More evidence of the Wal-Mart effect

Mirror, mirror on the wall, who’s the greenest of them all? Well, if you’re in the retail sector the obvious answer to that is Wal-Mart. There was much skepticism initially of Wal-Mart’s attempts to go green. Many believed its quest to reduce energy consumption, embrace rooftop solar systems and clean up its transport fleet was yet another attempt at feel-good marketing — a bid to win over consumers who believed Wal-Mart was an evil retail monster aimed at taking over every small town in America. At the recent Cleantech Forum in Toronto, Rand Waddoups, senior director of corporate strategy and sustainability at Wal-Mart, admitted that the retailer’s green strategy was initially adopted from a defensive posture. “We started by saying ‘this could be a real problem for us, we need to understand how big of a problem this could be.’ Over time, we realized this wasn’t a problem, it was a real opportunity for us.”

Regardless of Wal-Mart’s intentions, its actions are clearly more important. Not just how they can dramatically reduce the greenhouse gas emissions and waste coming from the world’s largest retailer, but also in the way they can influence competitors to follow or be left behind. Home Depot is pushing the green agenda, and in Canada so is hardware/retail rival Canadian Tire (which is not only selling solar and wind products but also beginning to use them for some of their stores). The latest evidence is Canadian retailer and Wal-Mart rival Zellers, owned by the Hudson’s Bay Company (Canada’s oldest company).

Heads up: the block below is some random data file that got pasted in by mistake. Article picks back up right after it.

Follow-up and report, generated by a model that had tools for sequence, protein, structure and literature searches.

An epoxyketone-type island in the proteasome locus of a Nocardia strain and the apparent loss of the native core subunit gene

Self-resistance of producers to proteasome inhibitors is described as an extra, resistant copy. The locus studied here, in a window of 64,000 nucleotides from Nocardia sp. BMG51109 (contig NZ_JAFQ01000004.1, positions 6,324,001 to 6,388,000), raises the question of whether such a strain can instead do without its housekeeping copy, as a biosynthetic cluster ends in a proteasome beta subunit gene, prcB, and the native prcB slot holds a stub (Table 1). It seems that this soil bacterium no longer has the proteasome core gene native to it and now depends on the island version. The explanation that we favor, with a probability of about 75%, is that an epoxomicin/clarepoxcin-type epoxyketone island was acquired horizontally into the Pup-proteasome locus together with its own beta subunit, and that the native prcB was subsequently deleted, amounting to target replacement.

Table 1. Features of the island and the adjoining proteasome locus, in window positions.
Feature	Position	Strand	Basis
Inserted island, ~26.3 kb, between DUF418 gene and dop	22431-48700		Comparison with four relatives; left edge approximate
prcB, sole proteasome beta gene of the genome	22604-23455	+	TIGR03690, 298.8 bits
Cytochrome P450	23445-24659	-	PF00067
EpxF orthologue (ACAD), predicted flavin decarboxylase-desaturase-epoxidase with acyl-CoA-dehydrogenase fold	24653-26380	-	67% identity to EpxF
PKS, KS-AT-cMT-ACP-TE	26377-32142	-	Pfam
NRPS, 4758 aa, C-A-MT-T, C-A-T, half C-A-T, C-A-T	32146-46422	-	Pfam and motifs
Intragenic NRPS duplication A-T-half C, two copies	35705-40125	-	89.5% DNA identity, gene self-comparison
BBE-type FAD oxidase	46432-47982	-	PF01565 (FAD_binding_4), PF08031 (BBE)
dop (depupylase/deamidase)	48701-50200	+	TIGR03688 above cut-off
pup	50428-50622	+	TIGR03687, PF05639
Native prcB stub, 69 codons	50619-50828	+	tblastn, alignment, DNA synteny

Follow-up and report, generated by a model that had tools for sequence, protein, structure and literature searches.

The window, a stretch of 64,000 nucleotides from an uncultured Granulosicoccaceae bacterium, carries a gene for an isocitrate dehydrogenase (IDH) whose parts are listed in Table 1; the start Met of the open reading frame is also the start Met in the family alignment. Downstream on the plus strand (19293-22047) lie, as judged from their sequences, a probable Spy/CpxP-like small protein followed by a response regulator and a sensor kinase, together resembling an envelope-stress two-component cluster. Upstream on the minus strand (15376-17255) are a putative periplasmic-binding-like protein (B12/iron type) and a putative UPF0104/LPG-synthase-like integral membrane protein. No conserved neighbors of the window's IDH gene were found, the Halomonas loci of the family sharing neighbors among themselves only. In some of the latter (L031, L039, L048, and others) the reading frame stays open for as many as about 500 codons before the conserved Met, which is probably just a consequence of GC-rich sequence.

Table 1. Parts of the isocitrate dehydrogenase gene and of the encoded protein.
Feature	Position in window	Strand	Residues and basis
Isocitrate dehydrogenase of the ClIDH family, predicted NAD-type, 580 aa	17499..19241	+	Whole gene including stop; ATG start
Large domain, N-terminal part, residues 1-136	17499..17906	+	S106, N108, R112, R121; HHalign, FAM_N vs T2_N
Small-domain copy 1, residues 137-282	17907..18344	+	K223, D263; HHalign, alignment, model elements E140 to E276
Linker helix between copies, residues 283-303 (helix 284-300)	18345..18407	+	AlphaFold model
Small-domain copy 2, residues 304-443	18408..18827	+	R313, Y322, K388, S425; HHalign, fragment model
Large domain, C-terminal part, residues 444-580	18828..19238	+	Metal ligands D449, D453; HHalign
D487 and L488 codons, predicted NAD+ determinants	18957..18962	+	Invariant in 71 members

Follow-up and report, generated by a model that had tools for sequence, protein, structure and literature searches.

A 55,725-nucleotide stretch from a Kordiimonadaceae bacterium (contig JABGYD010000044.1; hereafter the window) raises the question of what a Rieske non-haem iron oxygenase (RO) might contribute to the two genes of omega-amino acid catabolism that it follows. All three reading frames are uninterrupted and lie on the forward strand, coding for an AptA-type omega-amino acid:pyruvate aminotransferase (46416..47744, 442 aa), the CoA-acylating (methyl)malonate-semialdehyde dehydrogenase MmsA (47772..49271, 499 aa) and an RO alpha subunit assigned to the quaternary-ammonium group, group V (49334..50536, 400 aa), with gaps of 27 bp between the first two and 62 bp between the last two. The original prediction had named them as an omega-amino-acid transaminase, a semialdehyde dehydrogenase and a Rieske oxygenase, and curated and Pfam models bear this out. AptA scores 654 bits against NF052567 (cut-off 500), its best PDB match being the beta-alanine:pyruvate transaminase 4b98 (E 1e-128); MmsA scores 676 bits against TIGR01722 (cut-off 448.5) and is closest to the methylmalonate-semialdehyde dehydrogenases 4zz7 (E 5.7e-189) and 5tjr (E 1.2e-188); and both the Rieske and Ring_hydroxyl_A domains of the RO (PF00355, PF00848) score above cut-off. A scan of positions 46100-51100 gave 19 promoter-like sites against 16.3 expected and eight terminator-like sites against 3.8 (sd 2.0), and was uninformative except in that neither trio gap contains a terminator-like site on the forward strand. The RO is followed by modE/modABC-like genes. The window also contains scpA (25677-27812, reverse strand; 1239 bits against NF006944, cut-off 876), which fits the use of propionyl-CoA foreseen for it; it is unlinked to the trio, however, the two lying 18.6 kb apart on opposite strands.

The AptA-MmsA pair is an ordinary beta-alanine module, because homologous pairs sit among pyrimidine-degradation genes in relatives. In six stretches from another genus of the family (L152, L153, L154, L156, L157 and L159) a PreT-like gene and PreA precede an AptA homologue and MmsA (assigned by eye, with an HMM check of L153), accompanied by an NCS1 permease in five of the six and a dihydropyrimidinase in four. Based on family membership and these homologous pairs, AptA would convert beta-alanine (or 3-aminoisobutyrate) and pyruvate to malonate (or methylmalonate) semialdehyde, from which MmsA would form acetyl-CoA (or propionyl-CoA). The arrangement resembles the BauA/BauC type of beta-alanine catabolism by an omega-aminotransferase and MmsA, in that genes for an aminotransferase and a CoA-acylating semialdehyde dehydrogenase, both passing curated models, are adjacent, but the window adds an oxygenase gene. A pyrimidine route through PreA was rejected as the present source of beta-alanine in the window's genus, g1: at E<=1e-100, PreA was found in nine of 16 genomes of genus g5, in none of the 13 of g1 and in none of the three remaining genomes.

Hudson’s Bay announced today that a new Zellers store in Ontario — in a town called Waterdown — has become its greenest store yet. Two windmills and solar panels are being used to help power the store, which also has a white roof to reflect and disperse heat. The store also features waterless urinals and touchless faucets, sensors that control kitchen exhaust fans, LED lights for inside signage, return programs for recycling plastic bags and batteries, as well as some energy recovery systems.

To top it off, an automated energy management system can be controlled remotely from head office. “The system allows for central control over the timing of indoor and outdoor lights, temperature control, CO2 reduction, humidity control, electricity consumption, remote lighting and more.”

Robert Johnston, president of Hudson’s Bay Company, said the Waterdown store will be a “proving ground” for eco-friendly initiatives that will be considered in other stores over the coming years. “This is one of the many important green initiatives HBC has undertaken in 2007… We have also increased the number of our trucks using biodiesel and undertaken Zero Waste programs at our head offices and seven stores.”

HBC may claim it’s not responding to Wal-Mart, just as much as Canadian Tire might say it’s not responding to Home Depot, but the fact is there’s a competition going on amongst major retailers in North America who want to be perceived as the greenest of them all. They see this as a way to gain a competitive advantage and at the same time lower costs, and perhaps just as important, they see they have no option if they want to stay relevant in a market where green-minded consumers are demanding more.

This is all a very good thing.

13 thoughts on “More evidence of the Wal-Mart effect”

  1. What about all the greenhouse emmisions Walmart’s suppliers make in China ? If Walmart was concerned about the environment, it should look at how green its suppliers are. But for that this is just a PR exercise…